Hope this helps :)

  41. Christine Smith permalink
    November 12, 2008

    As a Christian, I completely disagree with you Jared. Every species, indeed every individual, has intrinsic value precisely because they are created by God. Indeed, in Geneis, God gives the vegetation as food not ONLY to us, but ALSO to the animals, implying that they too have a RIGHT to life in creation. It was only by God’s grace and gift that He bestowed on us the role of steward, which necessitated our having a greater intelligence, morality, etc.. This role is intended to be exercised with the grace and compassion that Christ exhibits towards us–Christ is the Good Shepherd, we are His “sheep”–the good shepherd gave his life for his sheep. In the same manner, we, as “shepherds” of creation (creation including all life on earth, including mankind), must be willing to sacrifice ourselves for the sake of creation, of our “sheep”. It is true that we are of “more value than they” (the animals), but then, inherently, that makes them the “least of these”, does it not?

    In Christ,

  42. Markian permalink
    November 12, 2008

    Christine, totally agree… I have educated, techie friends who were surprised to realize that plastic comes from OIL. I was surprised that they were surprised. I don’t know WHERE they thought plastic came from. But they were surprised to realize how much oil (as plastic) we simply throw away into garbage piles. Like there’s a cheap endless supply of oil…

  43. Anonymous permalink
    November 14, 2008

    michele This concern for finding someone in the government to be concerned about the community has already occurred. We are the government and we hire and fire these people with our votes. However the people who call and actually visit personally with those elected are the ones that are responded to. Your personal representative is your employee. Get busy.

  44. Neil from Canada permalink
    November 14, 2008

    If we know smoking will eventually kill us, why do people still smoke? If we know that the decisions we make today will lead to harm of our children, how do we carry on in good conscience?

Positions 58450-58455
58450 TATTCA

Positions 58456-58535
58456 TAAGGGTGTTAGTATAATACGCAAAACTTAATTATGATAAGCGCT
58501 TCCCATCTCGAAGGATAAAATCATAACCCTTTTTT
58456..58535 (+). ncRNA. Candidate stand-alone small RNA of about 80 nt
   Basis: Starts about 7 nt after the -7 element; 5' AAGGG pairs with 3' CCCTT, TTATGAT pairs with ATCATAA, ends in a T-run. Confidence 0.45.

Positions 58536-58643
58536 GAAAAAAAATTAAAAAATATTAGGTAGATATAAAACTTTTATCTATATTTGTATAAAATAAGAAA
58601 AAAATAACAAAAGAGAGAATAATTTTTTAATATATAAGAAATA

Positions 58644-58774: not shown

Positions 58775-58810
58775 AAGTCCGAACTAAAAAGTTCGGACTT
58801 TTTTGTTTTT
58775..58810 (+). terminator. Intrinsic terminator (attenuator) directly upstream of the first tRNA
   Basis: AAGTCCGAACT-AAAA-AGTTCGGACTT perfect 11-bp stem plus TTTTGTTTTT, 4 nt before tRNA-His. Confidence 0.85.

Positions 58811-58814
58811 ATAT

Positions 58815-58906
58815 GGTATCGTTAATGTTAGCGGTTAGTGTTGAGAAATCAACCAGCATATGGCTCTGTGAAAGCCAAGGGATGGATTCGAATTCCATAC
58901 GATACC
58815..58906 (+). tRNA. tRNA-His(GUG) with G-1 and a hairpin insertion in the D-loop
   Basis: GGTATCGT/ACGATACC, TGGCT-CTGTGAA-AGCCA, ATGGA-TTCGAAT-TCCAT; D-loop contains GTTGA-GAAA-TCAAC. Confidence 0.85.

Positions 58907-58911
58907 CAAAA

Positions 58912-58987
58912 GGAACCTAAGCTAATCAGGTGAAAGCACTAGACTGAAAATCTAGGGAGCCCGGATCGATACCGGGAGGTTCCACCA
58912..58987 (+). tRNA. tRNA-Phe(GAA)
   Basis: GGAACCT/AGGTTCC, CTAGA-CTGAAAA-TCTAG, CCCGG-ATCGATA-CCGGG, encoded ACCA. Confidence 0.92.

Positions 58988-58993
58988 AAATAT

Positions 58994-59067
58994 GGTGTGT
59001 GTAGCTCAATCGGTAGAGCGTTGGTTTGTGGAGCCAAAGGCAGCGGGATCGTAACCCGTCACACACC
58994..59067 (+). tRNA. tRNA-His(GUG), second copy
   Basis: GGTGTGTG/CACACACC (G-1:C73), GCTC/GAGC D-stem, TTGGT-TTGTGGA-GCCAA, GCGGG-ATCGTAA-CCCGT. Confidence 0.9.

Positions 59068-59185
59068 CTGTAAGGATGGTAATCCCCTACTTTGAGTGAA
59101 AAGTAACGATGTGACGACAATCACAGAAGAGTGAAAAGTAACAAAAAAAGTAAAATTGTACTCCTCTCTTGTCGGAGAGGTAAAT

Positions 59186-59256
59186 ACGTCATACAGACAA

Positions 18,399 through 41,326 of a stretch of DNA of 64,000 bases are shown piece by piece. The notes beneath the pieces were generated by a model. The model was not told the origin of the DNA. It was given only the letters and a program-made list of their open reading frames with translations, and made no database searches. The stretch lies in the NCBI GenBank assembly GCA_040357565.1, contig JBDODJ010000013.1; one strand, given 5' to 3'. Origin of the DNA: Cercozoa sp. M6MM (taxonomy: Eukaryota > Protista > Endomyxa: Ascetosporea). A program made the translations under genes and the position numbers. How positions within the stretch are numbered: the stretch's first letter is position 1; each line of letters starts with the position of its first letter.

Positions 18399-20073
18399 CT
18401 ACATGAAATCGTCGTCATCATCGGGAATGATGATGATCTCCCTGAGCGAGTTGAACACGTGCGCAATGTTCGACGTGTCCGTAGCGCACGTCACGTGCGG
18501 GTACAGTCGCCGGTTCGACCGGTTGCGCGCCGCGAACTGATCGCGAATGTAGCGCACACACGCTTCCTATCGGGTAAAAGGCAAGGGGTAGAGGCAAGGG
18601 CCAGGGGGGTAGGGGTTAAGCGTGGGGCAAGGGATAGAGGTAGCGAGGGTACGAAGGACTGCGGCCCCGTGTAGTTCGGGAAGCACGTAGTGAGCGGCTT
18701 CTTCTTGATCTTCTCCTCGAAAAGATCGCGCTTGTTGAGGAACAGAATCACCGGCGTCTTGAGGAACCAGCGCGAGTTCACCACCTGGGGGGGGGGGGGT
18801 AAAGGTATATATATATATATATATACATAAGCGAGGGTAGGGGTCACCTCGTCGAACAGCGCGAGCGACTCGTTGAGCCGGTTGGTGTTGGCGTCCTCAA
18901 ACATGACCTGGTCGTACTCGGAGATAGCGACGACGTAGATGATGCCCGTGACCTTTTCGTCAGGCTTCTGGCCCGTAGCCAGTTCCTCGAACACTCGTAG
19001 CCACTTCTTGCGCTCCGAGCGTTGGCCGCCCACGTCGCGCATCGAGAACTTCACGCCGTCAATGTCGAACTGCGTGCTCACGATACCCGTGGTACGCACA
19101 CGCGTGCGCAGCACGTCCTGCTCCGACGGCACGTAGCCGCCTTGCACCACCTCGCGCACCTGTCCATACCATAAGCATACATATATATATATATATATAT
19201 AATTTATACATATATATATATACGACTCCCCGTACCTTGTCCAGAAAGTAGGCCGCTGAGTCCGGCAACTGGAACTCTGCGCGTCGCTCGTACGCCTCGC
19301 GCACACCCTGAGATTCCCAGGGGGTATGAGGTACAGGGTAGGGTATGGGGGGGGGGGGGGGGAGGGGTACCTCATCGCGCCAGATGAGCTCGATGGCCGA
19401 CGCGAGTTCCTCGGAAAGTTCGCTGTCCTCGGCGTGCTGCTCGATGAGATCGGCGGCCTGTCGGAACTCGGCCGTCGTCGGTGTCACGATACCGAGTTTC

I am willing to support change that may limit my choices of excess/conspicuous consumption today in order to save a family of prairie dogs. If I can’t save a family of lousy prairie dogs, what hope is there for a future for people I actually care about. The question – what good are prairie dogs? is best answered with the question – what good are you?

  45. Jay Warner permalink
    December 21, 2008

    In our kitchen we have a list of stores on each major ‘side’ of town, and when someone is going there we check to see what we need from that area. So we will commonly combine 3-5 trips into one.

    In addition, I usually write out what I’m off to get, and then map out mentally a route to cover everything in a minimal loop.

    We have done this for a long time; it saves our time as well as gasoline. The only “change” in lifestyle needed is to plan one’s trips, instead of reacting to impulses.

  46. Amy Bathurst permalink
    June 4, 2010

    Dental offices should have an amalgam separator to prevent the release of mercury into the environment.

  47. VN Index permalink
    April 3, 2011

    Wow this article its really good. Thanks for sharing. I’ve been reading your blog for a while now, and i wont stop and also Very informative post, I’ll definitely go look for more info about this. Thanks for sharing.

  48. Dawn Junkins permalink
    July 1, 2011

    Jeff I love how you listed some resources for Jared to explore about recycling! You also have wonderful communication skills. Thank you for sharing.

  49. Dawn Junkins permalink
    July 1, 2011

    I beginning to think there was way too much energy sent to the grid and we baked ourselves. The amount of soot that has been seen on every other roof makes me believe it came from the cable and telephone wires. Also, could that same energy have affected the quality of gas during that time? Heat attracts water and I believe the American Recovery Act consists of more than meets the eye. By the way, what happened to the energy, insulating material and fiber optics after the deep cable cuts were discovered in the Ocean? Where does that stuff go? How far and fast does it travel? Has anyone revealed the cause of these cuts?

  50. Dawn Junkins permalink
    July 1, 2011

    Sadly, Sandra it would require taking a large step backward in technology to save ourselves and future generations to avoid and stop catastrophic events that are happening so subtly at times that most people don’t even notice. Do you really think that if we found out that wireless technology and computer and telephone communication was going to be responsible for the destruction of all things living we could stop it? The only thing we can do is to find another way to counter act it’s harmful effects before it’s far to late.